Le duc d'Albe

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Le duc d'Albe (original French title) or Il duca d'Alba (later Italian title: The Duke of Alba) is an opera in three acts originally composed by Gaetano Donizetti in 1839 to a French language libretto by Eugène Scribe and Charles Duveyrier, and intended for performance at the Paris Opéra. However, William Ashbrook notes that "Rosine Stoltz, the director's mistress, disliked her intended role of Hélène and Donizetti put the work aside when it was half completed"[1]

Donizetti then abandoned the score in favour of continuing to work simultaneously on both L'ange de Nisida and L'elisir d'amore,[1] and thus it was nearly 34 years after the composer's death that it was completed by his former pupil Matteo Salvi and received its first performance in an Italian translation and under its Italian title Il duca d'Alba at the Teatro Apollo in Rome on 22 March 1882 with Leone Giraldoni in the title role, Abigaille Bruschi Chiatti as Amelia di Egmont, and Julián Gayarre as Marcello.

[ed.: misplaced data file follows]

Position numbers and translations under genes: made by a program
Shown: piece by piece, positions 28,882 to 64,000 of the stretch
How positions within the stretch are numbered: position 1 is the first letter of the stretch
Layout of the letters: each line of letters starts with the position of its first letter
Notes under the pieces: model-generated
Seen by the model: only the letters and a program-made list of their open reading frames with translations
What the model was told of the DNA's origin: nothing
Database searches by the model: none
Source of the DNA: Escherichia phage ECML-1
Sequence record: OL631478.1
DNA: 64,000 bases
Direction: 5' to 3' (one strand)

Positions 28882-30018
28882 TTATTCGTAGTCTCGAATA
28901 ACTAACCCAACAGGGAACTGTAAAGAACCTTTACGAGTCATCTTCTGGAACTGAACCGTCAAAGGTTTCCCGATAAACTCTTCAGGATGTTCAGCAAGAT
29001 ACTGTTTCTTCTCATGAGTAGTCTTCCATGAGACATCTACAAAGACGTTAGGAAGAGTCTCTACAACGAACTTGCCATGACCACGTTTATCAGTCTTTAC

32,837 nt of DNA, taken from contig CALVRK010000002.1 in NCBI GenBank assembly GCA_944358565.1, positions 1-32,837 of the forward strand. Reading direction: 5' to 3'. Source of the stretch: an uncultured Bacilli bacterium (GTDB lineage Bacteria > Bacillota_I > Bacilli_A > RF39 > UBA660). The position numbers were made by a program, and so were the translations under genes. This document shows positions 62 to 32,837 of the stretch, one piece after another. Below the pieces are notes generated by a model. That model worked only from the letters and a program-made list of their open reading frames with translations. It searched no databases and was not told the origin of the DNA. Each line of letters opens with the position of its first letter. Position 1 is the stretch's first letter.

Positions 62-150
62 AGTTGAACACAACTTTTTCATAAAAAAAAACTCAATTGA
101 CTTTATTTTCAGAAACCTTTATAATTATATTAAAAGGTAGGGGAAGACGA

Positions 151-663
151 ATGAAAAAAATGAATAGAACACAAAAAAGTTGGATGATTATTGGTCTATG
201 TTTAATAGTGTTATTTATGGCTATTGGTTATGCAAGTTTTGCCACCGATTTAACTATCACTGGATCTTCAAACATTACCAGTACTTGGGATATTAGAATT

It received almost no performances in Italian until the mid-20th century and was only given its first performances in French in May 2012.

Composition history[edit]


Matteo Salvi
(1816–1887)

The opera had been originally commissioned for the Paris Opéra in 1839, and Donizetti worked on it throughout most of that year. However, he abandoned the project with only the first two acts completed, plus notes for the melodies and bass lines for acts 3 and 4.[2] The opera remained unfinished at the time of his death in 1848.

Although abandoned for the Opéra and still incomplete, Donizetti felt that his contract for this opera had been broken and, in late May 1845, decided to leave Vienna for Paris where he would claim a forfeit from the Opéra for its non-production, which still unfinished, as was the libretto. He left Vienna for the last time on 10 July 1845, but appears to have done nothing about the claim when he arrived in Paris, and his final illness son claimed him.[3]

In 1855, Scribe and Duveyrier's libretto was transferred to Verdi's opera Les vêpres siciliennes, with the setting changed from the Spanish occupation of Flanders in 1573 to the French occupation of Sicily in 1282.

In 1881 Matteo Salvi, a former pupil of Donizetti's, completed the opera from Donizetti's notes with the help of Amilcare Ponchielli, Antonio Bazzini and Cesare Domeniceti.[4] Angelo Zanardini translated Scribe's libretto from the original French into Italian, and the names of the two lovers, 'Henri' and 'Hélène', which by that time had been used in Les vêpres siciliennes were changed to 'Marcello' and 'Amelia'.[5]